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The platoon system in baseball is a method of designating two players to a single defensive position—usually one right-handed and one left-handed. Typically the right-handed half of the platoon is played on days when the opposing pitcher is left-handed and the left-handed player is played otherwise. The theory behind this is that generally players hit better against their opposite-handed counterparts, and that in some cases the difference is extreme enough to warrant complementing the player with one of opposite-handedness.
Platoons can also be organized along other axis, for example, splitting games between home run hitters and speedy contact hitters as the park dictates. In a sense, late-inning defensive replacements are a form of complex platooning.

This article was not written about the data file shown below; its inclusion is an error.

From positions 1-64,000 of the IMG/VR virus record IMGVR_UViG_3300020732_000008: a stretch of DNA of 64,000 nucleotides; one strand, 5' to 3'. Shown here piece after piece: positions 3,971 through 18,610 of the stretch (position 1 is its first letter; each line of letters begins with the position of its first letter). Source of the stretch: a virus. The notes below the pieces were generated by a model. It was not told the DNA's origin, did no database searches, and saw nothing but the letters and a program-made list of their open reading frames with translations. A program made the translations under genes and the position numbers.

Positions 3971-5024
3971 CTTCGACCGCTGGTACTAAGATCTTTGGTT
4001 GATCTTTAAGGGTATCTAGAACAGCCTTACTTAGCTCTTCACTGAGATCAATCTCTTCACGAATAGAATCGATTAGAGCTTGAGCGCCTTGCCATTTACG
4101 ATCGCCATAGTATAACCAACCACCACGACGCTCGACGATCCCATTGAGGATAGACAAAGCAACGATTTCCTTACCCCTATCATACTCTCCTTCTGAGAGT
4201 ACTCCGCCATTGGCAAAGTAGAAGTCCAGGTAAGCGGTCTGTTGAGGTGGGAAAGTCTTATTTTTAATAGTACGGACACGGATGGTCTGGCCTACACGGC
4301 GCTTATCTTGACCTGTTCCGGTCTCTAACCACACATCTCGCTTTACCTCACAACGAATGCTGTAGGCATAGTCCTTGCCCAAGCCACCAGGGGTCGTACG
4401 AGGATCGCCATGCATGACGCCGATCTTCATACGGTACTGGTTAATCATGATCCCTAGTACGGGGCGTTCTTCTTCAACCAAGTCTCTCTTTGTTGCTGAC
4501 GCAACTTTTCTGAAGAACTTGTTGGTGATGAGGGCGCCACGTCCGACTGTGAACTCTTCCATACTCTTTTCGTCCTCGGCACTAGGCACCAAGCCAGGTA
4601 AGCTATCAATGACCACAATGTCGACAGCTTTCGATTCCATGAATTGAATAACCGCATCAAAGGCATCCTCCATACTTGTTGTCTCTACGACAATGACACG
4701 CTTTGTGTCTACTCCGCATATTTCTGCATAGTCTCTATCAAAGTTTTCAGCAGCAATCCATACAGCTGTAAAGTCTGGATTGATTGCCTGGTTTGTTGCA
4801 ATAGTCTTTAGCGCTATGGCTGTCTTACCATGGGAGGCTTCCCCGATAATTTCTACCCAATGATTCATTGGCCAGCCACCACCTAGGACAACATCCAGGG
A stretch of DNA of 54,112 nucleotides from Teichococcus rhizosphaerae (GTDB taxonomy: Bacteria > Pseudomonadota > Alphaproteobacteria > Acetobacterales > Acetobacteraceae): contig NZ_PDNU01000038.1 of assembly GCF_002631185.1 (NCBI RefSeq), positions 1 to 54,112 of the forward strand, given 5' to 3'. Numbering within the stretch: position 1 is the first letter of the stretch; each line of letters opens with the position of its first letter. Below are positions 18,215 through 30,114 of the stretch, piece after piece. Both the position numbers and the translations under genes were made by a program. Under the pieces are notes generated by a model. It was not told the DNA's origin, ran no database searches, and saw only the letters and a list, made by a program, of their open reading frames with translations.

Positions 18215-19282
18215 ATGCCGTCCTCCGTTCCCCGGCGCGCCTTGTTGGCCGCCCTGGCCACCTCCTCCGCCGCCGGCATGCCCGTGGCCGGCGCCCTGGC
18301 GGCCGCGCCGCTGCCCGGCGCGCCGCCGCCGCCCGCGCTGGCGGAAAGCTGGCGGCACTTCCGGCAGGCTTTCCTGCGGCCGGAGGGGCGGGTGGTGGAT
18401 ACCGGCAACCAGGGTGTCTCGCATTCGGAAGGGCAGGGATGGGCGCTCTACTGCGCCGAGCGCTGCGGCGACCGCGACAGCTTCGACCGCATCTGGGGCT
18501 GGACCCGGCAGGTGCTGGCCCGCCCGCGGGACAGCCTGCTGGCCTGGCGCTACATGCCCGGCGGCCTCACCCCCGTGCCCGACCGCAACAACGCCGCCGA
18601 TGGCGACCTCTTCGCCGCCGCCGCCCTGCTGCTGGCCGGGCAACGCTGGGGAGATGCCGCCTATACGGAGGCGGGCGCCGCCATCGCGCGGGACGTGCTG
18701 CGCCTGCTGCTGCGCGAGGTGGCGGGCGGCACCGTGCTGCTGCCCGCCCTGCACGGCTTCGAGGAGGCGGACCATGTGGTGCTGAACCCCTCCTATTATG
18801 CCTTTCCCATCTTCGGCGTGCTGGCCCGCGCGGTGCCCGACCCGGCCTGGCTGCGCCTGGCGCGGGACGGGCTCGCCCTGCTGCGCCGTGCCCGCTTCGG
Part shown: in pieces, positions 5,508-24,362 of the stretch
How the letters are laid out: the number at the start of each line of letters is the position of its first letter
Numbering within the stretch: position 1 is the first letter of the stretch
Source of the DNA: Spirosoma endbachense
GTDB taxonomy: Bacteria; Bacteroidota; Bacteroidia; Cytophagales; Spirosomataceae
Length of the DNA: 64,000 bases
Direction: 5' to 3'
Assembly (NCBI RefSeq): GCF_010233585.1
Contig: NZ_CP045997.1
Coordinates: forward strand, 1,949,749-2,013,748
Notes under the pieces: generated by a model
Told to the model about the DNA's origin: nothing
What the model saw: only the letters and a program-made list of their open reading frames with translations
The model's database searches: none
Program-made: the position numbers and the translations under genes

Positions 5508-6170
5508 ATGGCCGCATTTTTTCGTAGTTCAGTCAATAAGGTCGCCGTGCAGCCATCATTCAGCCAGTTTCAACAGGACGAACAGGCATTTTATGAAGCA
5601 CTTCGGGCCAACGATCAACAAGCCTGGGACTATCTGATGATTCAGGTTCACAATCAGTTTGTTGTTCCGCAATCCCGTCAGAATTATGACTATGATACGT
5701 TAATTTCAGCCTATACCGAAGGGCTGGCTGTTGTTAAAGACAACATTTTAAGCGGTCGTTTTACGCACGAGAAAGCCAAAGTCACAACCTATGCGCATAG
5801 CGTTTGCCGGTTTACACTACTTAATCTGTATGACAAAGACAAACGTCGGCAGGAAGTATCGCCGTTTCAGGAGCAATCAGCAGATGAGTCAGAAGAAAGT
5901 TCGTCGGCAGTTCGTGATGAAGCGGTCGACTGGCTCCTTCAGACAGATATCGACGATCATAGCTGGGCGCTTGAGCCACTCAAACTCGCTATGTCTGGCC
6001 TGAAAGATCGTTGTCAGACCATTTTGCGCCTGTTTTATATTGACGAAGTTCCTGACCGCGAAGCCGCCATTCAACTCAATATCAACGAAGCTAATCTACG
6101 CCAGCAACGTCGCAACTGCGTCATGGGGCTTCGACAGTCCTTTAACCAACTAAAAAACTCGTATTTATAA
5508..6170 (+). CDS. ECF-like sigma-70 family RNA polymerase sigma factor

Managers well known for platooning include Earl Weaver, Tris Speaker, and Casey Stengel. The players involved in platoons are typically journeymen—players not considered so valuable in any sense that they must be played every day, though if well complemented, they can be very effective.
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